It is less than a year since my father Frank's death and burial.  In traditional Jewish fashion an "unveiling" of his memorial plaque occurred yesterday January 8th.

The usual prayers include the Mourner's Kaddish and the traditional El Malei Rachamim first instituted after the slaughter of Jewish communities by Crusaders in the 12th century.  There was the recitation of the 23rd Psalm and a reading from the Book of Ecclesiastes.

After a cloth was removed from the newly created plaque with my father's name, the date of his birth and death, we each placed a small stone on it, to note our presence there.

But we had a small surprise for the guests and my Dad as well.

 My son had returned from California for a visit and the day before we both walked to the famed deli Barney Greengrass in Manhattan. Known for their lox and smoked fish we both took note of the blocks of marble halvah covered in chocolate.

I'm not sure if he said it first or not but we both knew we had to buy a chunk of it–not only for ourselves but for  Dad.

It was a transgenerational favorite among the men in our family. For three generations of Hodes men–halvah was the ultimate desert.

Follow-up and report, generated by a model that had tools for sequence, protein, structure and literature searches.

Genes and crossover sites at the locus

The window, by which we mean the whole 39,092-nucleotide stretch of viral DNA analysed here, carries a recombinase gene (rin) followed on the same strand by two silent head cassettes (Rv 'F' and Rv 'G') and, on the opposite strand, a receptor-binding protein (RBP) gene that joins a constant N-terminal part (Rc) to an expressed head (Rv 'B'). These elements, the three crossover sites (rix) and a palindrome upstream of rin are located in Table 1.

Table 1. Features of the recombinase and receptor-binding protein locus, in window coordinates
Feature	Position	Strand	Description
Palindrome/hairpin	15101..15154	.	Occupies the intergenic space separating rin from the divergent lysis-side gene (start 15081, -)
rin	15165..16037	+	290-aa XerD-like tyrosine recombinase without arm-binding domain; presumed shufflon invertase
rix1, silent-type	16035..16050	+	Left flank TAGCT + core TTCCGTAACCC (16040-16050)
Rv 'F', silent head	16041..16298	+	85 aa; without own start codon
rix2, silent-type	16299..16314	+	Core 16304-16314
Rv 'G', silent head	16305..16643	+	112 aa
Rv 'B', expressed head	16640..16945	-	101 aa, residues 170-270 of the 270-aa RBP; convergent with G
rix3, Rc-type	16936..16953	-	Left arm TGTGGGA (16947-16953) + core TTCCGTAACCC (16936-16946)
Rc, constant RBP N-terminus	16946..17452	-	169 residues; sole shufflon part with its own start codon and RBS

A sweet preparation of ground sesame seeds and paste with vanilla, chocoalte "marble" and covered with milk chocolate, it must be pound for pound the most dense  of calories and carbs imaginable.  But it was traditional, not only among Jews, but Poles,Turks, Arabs,  Russians, Greeks, Bulgarians, Indians, etc. etc.

In fact it must be the food that is ultimately served at a Middle Eastern peace conference (if one ever happens).

And so we secretely brought the block of halvah to the cemetery and surprised everyone by offering it to all who cared to partake.  

And then the final ceremony–a small piece was set on my Dad's plaque.  We all smiled.  In fact we laughed  in honor and memory of a man who never complained, was an eternal optimist, cherished each moment of life and was  noted for his infectious, unfettered laugh.

How much more fitting than any stone.

And all of us in attendance heard  his hearty laugh.


  1. Steve, what a lovely “halvah” tribute to your Dad. I must be Jewish also because I cannot live without halvah. I constantly buy it, eat it (it shows!!!) and halvah is ALWAYS in my house.
    Frank would have a great laugh about the whole halvah ceremony.
    And it’s so hard to believe that he was buried a year ago already.

Leave a Reply

WP2Social Auto Publish Powered By :